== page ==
We will attempt to answer commonly asked questions and try to clarify any confusing points in the homework, lectures notes, or any other parts of the course.

Comments on First Problem Set (9/8/2008)

Comment 3 is a hint for problems 1 and 4.

1. In problem 1 for 13 coins you may not be able to tell if the bad coin is heavy or light.
2. In problem 3 by general solution we mean general solution with the maximum possible number of coins. (There is no solution at all for 1 weighing and if you have two less than the maximum number of coins for any number of weighings there is no solution.)
3. The answer to problem 5 tells you exactly which of the possible columns correspond to coins in the construction given in class and in the latest notes. Armed with this information you can find 2 of these columns that add up to the negative of the good coin and can eliminate those 2 and the good coin along with the all 0 column and get a good matrix for 11 coins. And you can find three of those columns that add up to the negative of the good coin to handle the 10 case. These easily generalize to more than three weighings. This approach can be used to solve problems 1 and 4.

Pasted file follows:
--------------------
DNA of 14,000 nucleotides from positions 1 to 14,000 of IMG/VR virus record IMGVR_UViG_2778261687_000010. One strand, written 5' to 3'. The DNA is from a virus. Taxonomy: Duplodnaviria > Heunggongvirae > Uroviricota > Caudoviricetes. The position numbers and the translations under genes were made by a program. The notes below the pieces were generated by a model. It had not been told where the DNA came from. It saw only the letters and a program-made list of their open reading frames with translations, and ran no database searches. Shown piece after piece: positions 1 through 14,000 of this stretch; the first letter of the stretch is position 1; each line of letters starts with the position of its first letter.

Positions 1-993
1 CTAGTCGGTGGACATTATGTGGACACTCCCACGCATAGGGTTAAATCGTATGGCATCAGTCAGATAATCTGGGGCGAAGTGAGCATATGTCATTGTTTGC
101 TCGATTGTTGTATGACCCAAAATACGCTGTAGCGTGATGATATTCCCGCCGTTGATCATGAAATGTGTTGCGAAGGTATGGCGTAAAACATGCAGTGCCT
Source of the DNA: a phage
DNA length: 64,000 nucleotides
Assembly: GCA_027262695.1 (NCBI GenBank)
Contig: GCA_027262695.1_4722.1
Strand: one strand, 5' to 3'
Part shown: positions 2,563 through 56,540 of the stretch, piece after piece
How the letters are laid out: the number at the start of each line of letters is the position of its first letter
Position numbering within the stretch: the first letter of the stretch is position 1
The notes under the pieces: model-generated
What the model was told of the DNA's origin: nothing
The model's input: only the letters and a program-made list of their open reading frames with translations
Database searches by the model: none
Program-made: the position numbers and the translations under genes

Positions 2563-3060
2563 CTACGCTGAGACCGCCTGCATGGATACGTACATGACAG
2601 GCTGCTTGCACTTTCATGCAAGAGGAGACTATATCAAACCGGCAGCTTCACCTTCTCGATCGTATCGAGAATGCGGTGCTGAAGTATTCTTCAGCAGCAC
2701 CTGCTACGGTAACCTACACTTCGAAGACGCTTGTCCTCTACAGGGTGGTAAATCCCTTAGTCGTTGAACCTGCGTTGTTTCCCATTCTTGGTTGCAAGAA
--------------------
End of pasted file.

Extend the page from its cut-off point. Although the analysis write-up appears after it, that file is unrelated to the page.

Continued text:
4. In problem 4 assume that there are at least 3 weighings. 5. In problem 6 only the lower bound is asked for. As noted elsewhere, assume the bad coins have the same weight.

In RSA encoding, the message length m must be less than N=pq, otherwise, the algorithm fails.

10/3/06
A parity bit added at the end of each codeword means the sum (Mod 2) of each bit of the codeword. For example, the codewords {000, 001, 010, 110} with a parity bit added at the end becomes {0000, 0011, 0101, 1100}.